iOS 10 kernel cache was found unencrypted shortly after the WWDC. Rumors and speculations are abundant. What is kernelcache, & should iOS users be ecstatic? While the experts in the field of iOS security try to come to a unified opinion, would you want to upgrade to iOS 10 beta?
Official Version – It’s Deliberate
A mysterious event got the tech sphere explode with rumors and speculation – iOS 10 kernel cache was found to be unencrypted, which is odd of Apple to say the least. A somewhat vague statement from Apple did not help bring much clarity to the scene:
“The kernel cache doesn’t contain any user info, and by unencrypting it we’re able to optimize the operating system’s performance without compromising security, ” an Apple spokesperson told iMore.
You will find the mainstream websites hailing Apple for going more transparent, and letting the good folks out there hunt the bugs and report them to Apple.
This move, or as some suspect a royal blunder, is supposed to make jailbreaking easier, as well as reverse-engineering the code that was previously encrypted from curious eyes. Why do many believe it was an accident, or a major oversight? Because such changes are normally preceded by an official announcement, and not followed by a short reply lacking details post-factum.
What is kernelcache?
The term “kernelcache” refers to the kernel, drivers and extensions. So, it includes the full kernel and some bonus.
The kernelcache is basically the kernel itself as well as all of its extensions (AppleImage3NORAccess, IOAESAccelerator, IOPKEAccelerator, etc.) into one file, then packed/encrypted in an IMG3 (iPhone OS 2.0 and above) or 8900 (iPhone OS 1.0 through 1.1.4) container.
Only in iOS 10 Beta, it’s not encrypted.
The opinions you can find online of the iOS and security professionals differ from excited praise to thoughtful doubt. Let’s see why.
First and foremost reason to be on the skeptics side is Apple does not offer a bug hunting bounty program, like Google or Microsoft does. If, for example, you were to discover a kernel-level exploit in Windows, you would be a candidate for a hefty six digit reward. Whereas with Apple, the iOS loving crowd suggests the good people would simply disclose their findings to Apple because it’s the right thing to do. And earn nothing.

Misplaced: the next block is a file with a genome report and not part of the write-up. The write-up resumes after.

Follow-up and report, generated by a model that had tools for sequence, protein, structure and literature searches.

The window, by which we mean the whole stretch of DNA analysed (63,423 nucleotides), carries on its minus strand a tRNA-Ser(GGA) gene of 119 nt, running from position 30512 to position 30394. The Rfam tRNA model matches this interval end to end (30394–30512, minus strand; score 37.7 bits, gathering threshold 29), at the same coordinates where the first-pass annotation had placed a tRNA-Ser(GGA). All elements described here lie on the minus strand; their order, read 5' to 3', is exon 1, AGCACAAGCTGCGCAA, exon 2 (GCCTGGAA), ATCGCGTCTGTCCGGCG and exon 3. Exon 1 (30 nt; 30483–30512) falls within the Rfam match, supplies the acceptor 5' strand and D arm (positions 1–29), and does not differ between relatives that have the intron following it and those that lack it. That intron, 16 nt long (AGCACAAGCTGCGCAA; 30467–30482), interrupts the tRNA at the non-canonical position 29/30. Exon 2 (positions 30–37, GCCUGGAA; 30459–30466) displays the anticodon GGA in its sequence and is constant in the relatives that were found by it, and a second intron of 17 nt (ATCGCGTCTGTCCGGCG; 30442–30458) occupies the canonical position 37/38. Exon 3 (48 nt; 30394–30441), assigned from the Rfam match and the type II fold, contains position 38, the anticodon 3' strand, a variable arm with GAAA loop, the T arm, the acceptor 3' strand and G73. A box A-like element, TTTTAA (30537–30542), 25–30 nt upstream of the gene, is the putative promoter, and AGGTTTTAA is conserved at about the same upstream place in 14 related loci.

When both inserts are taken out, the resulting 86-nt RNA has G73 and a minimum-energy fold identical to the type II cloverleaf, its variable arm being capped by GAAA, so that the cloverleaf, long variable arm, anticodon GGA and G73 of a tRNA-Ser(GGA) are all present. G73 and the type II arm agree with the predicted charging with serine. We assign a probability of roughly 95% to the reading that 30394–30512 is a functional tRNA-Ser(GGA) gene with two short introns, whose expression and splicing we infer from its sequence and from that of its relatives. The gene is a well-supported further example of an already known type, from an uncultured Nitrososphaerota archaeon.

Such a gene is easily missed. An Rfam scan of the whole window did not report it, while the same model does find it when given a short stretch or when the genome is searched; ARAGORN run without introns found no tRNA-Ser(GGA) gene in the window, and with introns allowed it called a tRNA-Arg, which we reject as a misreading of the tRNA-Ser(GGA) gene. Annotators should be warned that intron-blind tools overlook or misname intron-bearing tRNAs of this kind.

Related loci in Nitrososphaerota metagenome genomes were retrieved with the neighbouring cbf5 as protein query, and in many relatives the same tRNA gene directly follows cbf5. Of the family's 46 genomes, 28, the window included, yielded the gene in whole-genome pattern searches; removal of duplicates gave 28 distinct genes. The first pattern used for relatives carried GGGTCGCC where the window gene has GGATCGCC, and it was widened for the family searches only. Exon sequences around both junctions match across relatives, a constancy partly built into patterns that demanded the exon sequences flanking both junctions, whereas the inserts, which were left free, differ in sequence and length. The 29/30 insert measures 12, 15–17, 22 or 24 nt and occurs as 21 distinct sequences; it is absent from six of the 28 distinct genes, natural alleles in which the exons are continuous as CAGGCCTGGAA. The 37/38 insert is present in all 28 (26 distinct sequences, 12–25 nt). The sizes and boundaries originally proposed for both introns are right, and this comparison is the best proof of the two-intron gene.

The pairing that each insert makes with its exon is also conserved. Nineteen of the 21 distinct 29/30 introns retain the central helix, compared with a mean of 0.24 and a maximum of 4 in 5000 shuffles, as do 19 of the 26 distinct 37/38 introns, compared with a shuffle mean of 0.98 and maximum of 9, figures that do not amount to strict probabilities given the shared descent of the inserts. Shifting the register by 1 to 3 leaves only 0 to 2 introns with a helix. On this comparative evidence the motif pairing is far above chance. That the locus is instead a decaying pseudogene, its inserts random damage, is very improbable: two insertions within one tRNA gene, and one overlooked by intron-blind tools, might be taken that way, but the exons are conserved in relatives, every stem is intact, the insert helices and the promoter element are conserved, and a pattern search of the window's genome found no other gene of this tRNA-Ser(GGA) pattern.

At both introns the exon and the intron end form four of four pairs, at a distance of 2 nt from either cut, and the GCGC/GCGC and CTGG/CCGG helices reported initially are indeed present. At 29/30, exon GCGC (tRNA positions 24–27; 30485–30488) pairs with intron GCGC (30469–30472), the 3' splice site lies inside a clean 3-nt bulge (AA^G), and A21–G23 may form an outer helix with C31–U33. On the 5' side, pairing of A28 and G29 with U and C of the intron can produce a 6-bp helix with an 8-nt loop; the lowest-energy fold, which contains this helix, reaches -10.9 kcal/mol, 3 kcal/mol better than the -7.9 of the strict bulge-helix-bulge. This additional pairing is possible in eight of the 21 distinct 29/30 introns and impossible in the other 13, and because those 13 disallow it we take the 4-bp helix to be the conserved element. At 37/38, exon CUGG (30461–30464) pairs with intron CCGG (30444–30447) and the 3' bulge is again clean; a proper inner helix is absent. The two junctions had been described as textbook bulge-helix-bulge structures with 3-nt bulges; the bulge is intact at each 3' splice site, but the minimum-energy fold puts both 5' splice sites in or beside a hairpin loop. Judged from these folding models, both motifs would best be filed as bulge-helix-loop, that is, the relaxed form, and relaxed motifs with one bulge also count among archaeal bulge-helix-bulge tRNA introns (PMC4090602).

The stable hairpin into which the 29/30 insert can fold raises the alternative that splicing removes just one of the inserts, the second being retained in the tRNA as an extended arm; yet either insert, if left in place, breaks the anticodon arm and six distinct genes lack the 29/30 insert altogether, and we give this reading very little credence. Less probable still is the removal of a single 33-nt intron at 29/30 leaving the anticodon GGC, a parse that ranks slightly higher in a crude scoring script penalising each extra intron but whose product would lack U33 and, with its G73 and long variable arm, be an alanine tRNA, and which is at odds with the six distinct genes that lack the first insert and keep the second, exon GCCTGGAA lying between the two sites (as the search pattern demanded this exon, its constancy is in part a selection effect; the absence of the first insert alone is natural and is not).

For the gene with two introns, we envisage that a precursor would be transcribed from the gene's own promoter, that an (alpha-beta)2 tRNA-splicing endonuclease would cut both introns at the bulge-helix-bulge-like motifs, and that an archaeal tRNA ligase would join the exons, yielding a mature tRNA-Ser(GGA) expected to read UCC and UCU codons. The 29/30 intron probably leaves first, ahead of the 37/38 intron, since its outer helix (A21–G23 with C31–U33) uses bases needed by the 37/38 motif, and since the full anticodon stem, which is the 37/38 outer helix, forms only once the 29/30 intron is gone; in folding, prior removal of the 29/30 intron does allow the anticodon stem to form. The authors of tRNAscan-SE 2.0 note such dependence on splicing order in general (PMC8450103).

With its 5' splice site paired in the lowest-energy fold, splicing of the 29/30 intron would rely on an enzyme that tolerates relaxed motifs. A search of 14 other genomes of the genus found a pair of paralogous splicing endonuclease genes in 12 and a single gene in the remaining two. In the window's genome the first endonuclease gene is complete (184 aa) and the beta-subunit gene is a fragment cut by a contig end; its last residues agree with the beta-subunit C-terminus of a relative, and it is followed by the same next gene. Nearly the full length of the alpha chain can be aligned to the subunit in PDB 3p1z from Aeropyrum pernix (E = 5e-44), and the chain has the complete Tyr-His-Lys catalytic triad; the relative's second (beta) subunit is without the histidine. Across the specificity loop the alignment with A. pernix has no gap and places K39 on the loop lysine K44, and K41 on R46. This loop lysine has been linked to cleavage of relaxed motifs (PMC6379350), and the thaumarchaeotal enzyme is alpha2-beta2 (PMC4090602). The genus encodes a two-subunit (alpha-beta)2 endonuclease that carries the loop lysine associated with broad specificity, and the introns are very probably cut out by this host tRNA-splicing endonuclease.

At the same time, the recent FBI vs Apple case shows just who such technical wizards can turn to for a hefty prize for finding an exploit (FBI paid a million dollar bounty to the undisclosed company that found a work around iOS encryption).
More accessibility means the prices of such findings will drop, and the bug hunters will be able to earn significantly less because of the increased competition. It also means law enforcement will be pressed for time when counting on exploiting such bugs because more people will be able to find them and report to Apple for them to get fixed.
The good will of the law-abiding Apple fans and white hat hackers is wonderful, but the real world does not work that way
If that’s the kind of equation that is supposed to make iOS 10 safer, I’d bet on the dark web going wild before Apple finds the exploits with the help of the loyal community. That is, unless Cupertino announces a competitive bug bounty program.
On the other hand, security through obscurity in the proprietary software does not always mean good security. In fact, often times STO is referred to as bad security as compared to open source projects like Linux. Yet, some processes need encryption to be hidden from malware.
The proprietary software encrypts the code to prevent it from being reverse-engineered. Yes, leaving the iOS 10 kernel cache unencrypted may help the good guys find and report the exploits. It can also help the bad guys find the exploits faster, and take advantage of them.
The lack of a detailed response from Apple, and the fact that the company responded after the media buzz got too loud to ignore, gives room for doubts whether the move to leave iOS 10 kernel cache unencrypted was deliberate. If, for a split second, we imagine it was a blunder, a company as big as Apple can’t afford to admit it. Not after the FBI case.
Another important question is whether or not the security fears would be dispelled if the company is giving any interested parties an unofficial way to poke into the code?
Encryption sounds tech gibberish-ly, but an average user associates it with better privacy and security. Unencrypted kernelcache sounds rocket science for most users, and it does not help instill the sense of security. Even if Apple did intend to leave it unencrypted, it certainly seems like a dubious PR move to let it slip without an announcement.
There is no word on whether the iOS 10 kernel cache will be encrypted by the time the iOS 10 exits Beta testing. There is no word from Apple about how the unencrypted kernel cache affects performance so far, but with the pressure from the media buzz we might expect a statement soon. We also hope Cupertino opts in favor of the bug bounty program because an idealistic view of the tech-savvy iOS users who stand united against the abuse of the suddenly accessible data is too far-fetched.
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